How to Overcome Perfectionism in Your Writing
“So, don’t have a filter some days. Just write. Don’t really worry about the direction it’s going. Just be curious about what happens. Your goal is to find writing as an intuitive way to express yourself on the page.” —Azul Terronez
When I’m thinking about writing anything, I often find that the more weight or importance I put on the outcome, the harder it can be to write. The pressure that I put on myself to make it good gets me stuck. So, if I feel it’s not good enough, then maybe I’ll never share it. Those feelings are part of the reason why writing can be so easy at some times and then feel almost impossible at other times.
On this week’s episode of “Authors Who Lead,” I talk about why it’s so hard to write sometimes and how to overcome the perfectionism that can make writing hard.
First Steps When Stuck
Maybe you’re in the flow and there’s nothing keeping you from writing. That’s great—celebrate that! There have been times when I have written a book in thirty days and other times when it took me years to write just the one. When you sit down to write, I encourage you to ask yourself several questions: How important is it to you? Why is it important that you write it? And what is keeping you from doing the writing?
Each Book Has Its Own Journey
Every book has its own journey, and each one is unique. With the series of fiction books that Steve, my partner in life and co-founder of “Authors Who Lead,” and I decided to write together, each one has felt different. Book one came pretty easily to me, but I found more resistance with book two. I really enjoyed the process of writing, but when I started to feel a twinge of expectation that this one had to be as good or better than the first one, I started to feel stuck. This comparisonitis is definitely a problem for authors who produce more than one book.
Trying to predict the outcome of your book, whether it will be “good” enough, is like trying to predict the outcome of a child. You can’t, so don’t. Instead, all you can do is not worry about perfection. My friend and author Jadah Sellner urges everyone to just take imperfect action. She explains that imperfect action is truly the only action to take because there is no perfect. Perfectionism is the same coin, a different side of procrastination. So, if we get bogged down in trying to write the perfect book, it will delay us from putting it out into the world.
I encourage you to take action today, even imperfect action. If you feel stuck and feel you can’t take any action, try to set a goal for at least eight minutes a day. Just that small amount of time can be motivating and help build a writing habit. Even if all you’re writing down is that you feel like you can’t think of anything to write, at least it’s getting your thoughts onto the page and unclogging that funnel of doubts and insecurities in your mind. There are no bad words. Just keep writing and allow that creative part of you to show up.
Life Imitates Art
Life truly does imitate art, and art can imitate life. There are times when you feel the motivation to write and something happens in your life to change that source of motivation. One of my dear friends and coaches for our “Authors Who Lead” writing groups has been writing books for many years. In those early years, she wrote as a way of escaping from her life, and the themes of the books were about escaping and traveling away from some danger. Then her life changed and there was a happy, adventurous shift inside her. The need and motivation for escaping were no longer there.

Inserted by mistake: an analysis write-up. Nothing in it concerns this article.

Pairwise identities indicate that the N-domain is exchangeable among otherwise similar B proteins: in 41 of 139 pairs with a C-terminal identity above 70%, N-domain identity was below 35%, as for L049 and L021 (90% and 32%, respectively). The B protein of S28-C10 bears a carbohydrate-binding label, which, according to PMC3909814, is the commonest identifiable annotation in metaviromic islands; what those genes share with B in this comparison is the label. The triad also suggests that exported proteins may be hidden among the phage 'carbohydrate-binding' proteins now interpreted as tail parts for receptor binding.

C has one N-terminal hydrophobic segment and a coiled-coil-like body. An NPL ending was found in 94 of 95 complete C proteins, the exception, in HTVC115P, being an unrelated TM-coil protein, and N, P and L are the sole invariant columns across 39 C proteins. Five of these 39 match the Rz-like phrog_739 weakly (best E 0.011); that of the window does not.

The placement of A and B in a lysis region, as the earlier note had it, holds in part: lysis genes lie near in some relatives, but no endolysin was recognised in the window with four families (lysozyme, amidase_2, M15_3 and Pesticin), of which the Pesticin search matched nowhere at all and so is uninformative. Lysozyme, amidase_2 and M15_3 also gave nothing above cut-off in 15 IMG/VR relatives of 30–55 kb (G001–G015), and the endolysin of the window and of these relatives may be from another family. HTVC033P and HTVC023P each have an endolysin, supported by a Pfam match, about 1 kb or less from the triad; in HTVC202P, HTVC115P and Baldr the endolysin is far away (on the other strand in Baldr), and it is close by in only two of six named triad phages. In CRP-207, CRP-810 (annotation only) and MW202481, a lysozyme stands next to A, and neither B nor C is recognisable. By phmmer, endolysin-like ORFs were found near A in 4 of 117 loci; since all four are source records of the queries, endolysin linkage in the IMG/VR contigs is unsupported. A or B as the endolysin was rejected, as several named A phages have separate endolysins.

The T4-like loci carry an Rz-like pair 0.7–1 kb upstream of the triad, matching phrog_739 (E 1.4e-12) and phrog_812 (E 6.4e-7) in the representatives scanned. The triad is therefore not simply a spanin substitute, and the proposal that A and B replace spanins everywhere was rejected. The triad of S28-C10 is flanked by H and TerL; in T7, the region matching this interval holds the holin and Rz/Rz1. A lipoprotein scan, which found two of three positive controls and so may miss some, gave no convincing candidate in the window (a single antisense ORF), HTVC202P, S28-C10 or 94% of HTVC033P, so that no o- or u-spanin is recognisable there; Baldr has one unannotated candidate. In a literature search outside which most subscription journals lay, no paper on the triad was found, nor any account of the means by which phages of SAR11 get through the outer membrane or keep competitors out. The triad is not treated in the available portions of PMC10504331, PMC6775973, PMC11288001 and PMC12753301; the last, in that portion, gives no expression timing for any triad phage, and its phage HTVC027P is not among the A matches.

Have you ever felt this way as your life changed? Did you stop writing? Instead, take a clear, slow look at why you are writing what you are writing. What do you have to say now? Maybe your focus point is different. Don’t try to solve the problem in your head—just be curious about what more there is to explore. What is there to go see? How has your life changed, and how has that perspective changed your characters’ views?
Connect, Create, Contribute
We here at “Authors Who Lead” like to say that we want to help our authors connect, create, and contribute. Connecting with other authors can help them grow and learn how to connect to their readers. Creating is not only for our books but also for the path we’re moving forward on. And authors who contribute to a community really start to feel the value of themselves as a person and an author. Even as a new author, you may be a few steps ahead of others you can help.
This is one of the reasons we have created a community called “The Leaders’ Circle,” affectionately known as TLC. You can find out more about this community and how to apply to become part of it at authorswholead.com/tlc. If you’re interested in applying, please do. We want you to join us at any step of your journey, whether you’re writing your first book or your tenth.
I’m constantly blown away by the opportunities just being a writer has given me, not just because I lead “Authors Who Lead” but also because it’s helped me see who I really am. It’s something I always wanted to do. And to finally do it feels great. I want you to join me if that’s your calling. Thanks again for listening.
I hope you enjoyed this episode. What was your biggest takeaway from this episode? In the comments, share your biggest challenge in writing your book.
That’s all for this week. If you have a message inside you that needs to be written, know that you can write the book that’s been on your heart. Don’t delay—get out of your head, put words on the page today, and make a movement with your message!